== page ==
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Home : Advisories : Security Hole in ECL Feature of Java VM Embedded in Lotus Notes Client R5

Title: Security Hole in ECL Feature of Java VM Embedded in Lotus Notes Client R5
Released by: Hiromitsu Takagi
Date: 23rd November 2000
Printable version: Click here

Security Hole in ECL Feature of Java VM Embedded in Lotus Notes Client R5



The security hole that allows a file existence attack found with Java

VM embedded in Lotus Notes Client R5, which was reported in [j-h-b:32085]

at the end of March 2000 is summarized below, including how the vendor

is reacting to it.



The Lotus Notes Client R5 can use its own Web browser to access WWW.

The browser embeds Java VM unique to it and this VM is used in the

Java applet display.  Java VM embeds a feature called "ECL (Execution

Control List)," which is unique to Lotus. Through a hole of this ECL

feature, a problem exists in that a third party can detect whether or

not a file of a specified pathname exists in the local file system.

If this is abused, for example, the following private information is

known to third parties:

- Whether or not a specified site is visited.  This can be discriminated

  by whether or not a cookie of this site exists.

  (In case Internet Explorer is also used)

- Whether or not a specified Web page is registered with "Favorites."

  (This can be discriminated by finding out whether or not a short-cut

  file with the title of this page as its file name exists in the

  \WINDOWS\Favorites\ folder.)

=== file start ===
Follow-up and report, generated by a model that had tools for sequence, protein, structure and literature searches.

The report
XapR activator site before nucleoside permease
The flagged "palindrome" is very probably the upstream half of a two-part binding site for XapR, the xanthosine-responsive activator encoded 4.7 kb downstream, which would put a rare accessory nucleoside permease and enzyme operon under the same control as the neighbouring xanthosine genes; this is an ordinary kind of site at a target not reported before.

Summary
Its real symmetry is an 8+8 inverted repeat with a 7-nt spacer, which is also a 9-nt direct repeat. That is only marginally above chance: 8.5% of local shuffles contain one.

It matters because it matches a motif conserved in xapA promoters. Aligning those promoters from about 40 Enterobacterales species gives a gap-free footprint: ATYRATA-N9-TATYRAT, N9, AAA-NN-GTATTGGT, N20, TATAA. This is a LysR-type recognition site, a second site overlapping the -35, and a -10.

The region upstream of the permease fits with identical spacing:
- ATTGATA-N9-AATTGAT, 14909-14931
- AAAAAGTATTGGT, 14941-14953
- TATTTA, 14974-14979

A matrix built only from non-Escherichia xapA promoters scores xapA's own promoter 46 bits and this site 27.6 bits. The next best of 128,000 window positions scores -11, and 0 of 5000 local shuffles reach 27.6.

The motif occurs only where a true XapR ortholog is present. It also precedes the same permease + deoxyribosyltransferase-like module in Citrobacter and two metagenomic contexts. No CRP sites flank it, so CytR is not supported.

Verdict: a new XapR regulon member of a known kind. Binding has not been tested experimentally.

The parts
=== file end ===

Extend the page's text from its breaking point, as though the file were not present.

(In case Internet Explorer is also used)

- Whether or not a specified file has been used recently.  (This can

  be discriminated by finding out whether or not a short-cut file with

  the same name as its file name exists in the \WINDOWS\Recent\ folder.)

- Whether or not a specified application is installed.  (This can be

  discriminated by finding out files which always exist when such

  applications are installed.)

Reaction of Lotus:


On May 3 2000, Mr. Yasuyuki Endo submitted the first report to Lotus

Japan [j-h-b:33007].  Lotus replied to Mr. Endo "You must report via

its support service after concluding a support agreement by paying a

fee."  Subsequently, on May 24, Takagi contacted Lotus Japan again by

phone.  On May 26, Takagi conveyed the fact to a Lotus Japan engineer

by phone.  On May 30, Lotus Japan replied in a letter to the effect

that "Lotus Japan acknowledges this phenomenon and is studying the

phenomenon and is investigating it" [j-h-b:33526]. Since then, no

reply had been received.  On June 16, Takagi inquired again "What has

happened?"  Lotus Japan's answer was "We are investigating" [j-h-b:34085].

On August 1 and 20 and October 26, similar inquiries were sent by Takagi

to Lotus Japan.  On each occasion, Lotus Japan replied "The matter is

investigated by Lotus Headquarters in the U. S."

More than half year has passed after the first report and no

improvement in the situation has been made.  It has been decided to

publicize this fact.

Verification of Hole:


A demonstration applet has been created to verify the existence of

this hole.